Methods do exist to filter out PFAS from water. But what do you do when it’s time to replace those filters? Simply throwing out PFAS-contaminated equipment just moves the problem to a landfill.
Instead, these “forever chemicals” need to be destroyed. Most existing strategies for breaking down PFAS use harsh conditions, such as incinerating PFAS residues in furnaces or oxidizing them in supercritical water—water that is at more than 37°C and 200atm of pressure. Now, scientists reporting in Science have discovered that such extreme methods may not be needed to destroy “forever chemicals” (1).
In oncology, tissue biopsies are commonly fixed in formalin and embedded in paraffin (FFPE). These FFPE samples can be used with immunohistochemical or molecular analysis for identifying biomarkers that guide the diagnosis and therapeutic management of patients. This fixation technique allows long-term storage of samples but impacts the integrity of nucleic acids. This makes extracting DNA and RNA from FFPE tissues in sufficient quantity and quality for molecular analysis techniques such as NGS analyses challenging for molecular oncology laboratories.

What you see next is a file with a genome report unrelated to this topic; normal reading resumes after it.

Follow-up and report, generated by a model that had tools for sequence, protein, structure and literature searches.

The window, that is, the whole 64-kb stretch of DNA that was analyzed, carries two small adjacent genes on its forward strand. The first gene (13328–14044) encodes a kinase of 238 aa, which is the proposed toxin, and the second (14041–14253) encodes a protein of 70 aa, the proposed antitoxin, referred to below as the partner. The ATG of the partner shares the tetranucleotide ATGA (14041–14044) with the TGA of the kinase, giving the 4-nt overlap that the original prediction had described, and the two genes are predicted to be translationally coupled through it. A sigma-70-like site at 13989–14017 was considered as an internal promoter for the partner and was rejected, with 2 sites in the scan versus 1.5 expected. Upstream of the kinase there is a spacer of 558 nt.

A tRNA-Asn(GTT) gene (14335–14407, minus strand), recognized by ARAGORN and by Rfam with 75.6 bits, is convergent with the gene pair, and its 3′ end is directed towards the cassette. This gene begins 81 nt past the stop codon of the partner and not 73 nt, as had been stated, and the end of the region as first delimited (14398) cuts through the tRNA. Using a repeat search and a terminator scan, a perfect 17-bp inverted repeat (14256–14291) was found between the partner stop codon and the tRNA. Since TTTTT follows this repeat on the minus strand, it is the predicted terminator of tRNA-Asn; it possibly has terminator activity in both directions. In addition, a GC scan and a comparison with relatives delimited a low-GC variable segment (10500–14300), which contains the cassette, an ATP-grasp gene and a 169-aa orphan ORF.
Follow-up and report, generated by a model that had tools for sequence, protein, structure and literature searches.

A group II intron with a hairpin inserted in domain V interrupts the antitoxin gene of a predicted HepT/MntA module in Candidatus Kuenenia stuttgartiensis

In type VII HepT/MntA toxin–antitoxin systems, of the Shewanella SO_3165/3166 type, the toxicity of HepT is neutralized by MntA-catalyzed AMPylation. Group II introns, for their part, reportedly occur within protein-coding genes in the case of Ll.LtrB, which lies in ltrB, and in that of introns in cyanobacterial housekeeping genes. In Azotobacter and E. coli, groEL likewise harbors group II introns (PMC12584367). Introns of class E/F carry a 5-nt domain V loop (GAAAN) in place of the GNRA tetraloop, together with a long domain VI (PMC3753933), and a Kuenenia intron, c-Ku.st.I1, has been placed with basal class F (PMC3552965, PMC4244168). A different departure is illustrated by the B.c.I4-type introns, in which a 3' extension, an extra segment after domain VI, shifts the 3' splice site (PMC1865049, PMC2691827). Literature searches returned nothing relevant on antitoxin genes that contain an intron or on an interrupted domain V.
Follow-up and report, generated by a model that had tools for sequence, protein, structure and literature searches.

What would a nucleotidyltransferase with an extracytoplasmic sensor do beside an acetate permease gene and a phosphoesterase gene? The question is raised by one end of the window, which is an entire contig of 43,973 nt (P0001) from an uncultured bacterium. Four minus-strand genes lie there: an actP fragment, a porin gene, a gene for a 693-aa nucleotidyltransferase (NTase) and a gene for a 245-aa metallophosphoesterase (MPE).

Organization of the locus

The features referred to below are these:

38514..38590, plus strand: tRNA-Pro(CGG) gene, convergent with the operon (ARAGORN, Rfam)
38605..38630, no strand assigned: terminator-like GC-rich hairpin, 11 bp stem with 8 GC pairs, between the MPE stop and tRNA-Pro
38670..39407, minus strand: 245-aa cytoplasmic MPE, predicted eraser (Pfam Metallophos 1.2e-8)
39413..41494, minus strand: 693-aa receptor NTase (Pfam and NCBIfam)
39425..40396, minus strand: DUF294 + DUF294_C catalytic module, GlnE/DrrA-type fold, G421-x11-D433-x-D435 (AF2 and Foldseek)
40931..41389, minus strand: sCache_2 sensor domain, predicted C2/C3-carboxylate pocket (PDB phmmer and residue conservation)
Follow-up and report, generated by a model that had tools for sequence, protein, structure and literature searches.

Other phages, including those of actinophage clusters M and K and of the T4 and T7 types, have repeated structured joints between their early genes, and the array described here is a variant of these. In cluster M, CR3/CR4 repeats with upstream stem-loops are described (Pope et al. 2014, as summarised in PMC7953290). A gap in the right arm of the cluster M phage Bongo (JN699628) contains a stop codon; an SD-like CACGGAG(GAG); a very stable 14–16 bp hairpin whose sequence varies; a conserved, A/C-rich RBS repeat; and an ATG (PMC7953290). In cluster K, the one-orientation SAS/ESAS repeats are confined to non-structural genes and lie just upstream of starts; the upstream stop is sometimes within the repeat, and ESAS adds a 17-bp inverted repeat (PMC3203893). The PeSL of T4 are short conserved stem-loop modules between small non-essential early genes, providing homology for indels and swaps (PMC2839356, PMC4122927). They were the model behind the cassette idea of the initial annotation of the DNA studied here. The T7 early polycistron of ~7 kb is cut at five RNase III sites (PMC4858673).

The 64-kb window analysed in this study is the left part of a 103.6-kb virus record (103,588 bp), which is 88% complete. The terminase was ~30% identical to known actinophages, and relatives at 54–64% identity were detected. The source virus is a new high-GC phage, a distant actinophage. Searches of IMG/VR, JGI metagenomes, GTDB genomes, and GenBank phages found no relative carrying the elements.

“At Rennes University Hospital, we receive many lung cancer samples with little material available, or samples of poor quality. The nucleic acid extraction step is therefore critical to get good yield. We have seen that it had a direct impact on the success of downstream analysis,” said Dr. Alexandra Lespagnol. Lespagnol is the Technical Manager of the Molecular Genetics of Cancer core lab at the University Hospital of Rennes in France.
In order to accommodate the increasing number of samples that needed to be analyzed, the Molecular Genetics of Cancer core lab of the University Hospital of Rennes initiated an automation project for extracting DNA from FFPE tissues. The lab also wanted to improve sample tracking and reproducibility of their results.
For cancers that have proven challenging to target with traditional therapies, one emerging option is an approach called synthetic lethality. Synthetic lethality arises when inactivation of two gene products together lead to cell death but where inactivation of one does not (1, 2). Targeting a gene that is synthetic lethal to a cancer-related mutation creates an opening to specifically kill cancer cells while leaving healthy cells untouched.
In a recent study in Nature, scientists found that cells with amplification of CCNE1 are sensitive to inhibition of PKYMT1 kinase and identified a small molecule that is a selective inhibitor of PKYMT1 (3). When mice with tumor xenografts derived from CCNE1-high cell lines were dosed with the drug, researchers observed significantly slower tumor growth, and in some cases where the drug was co-dosed with another chemotherapeutic, tumor growth was completely halted.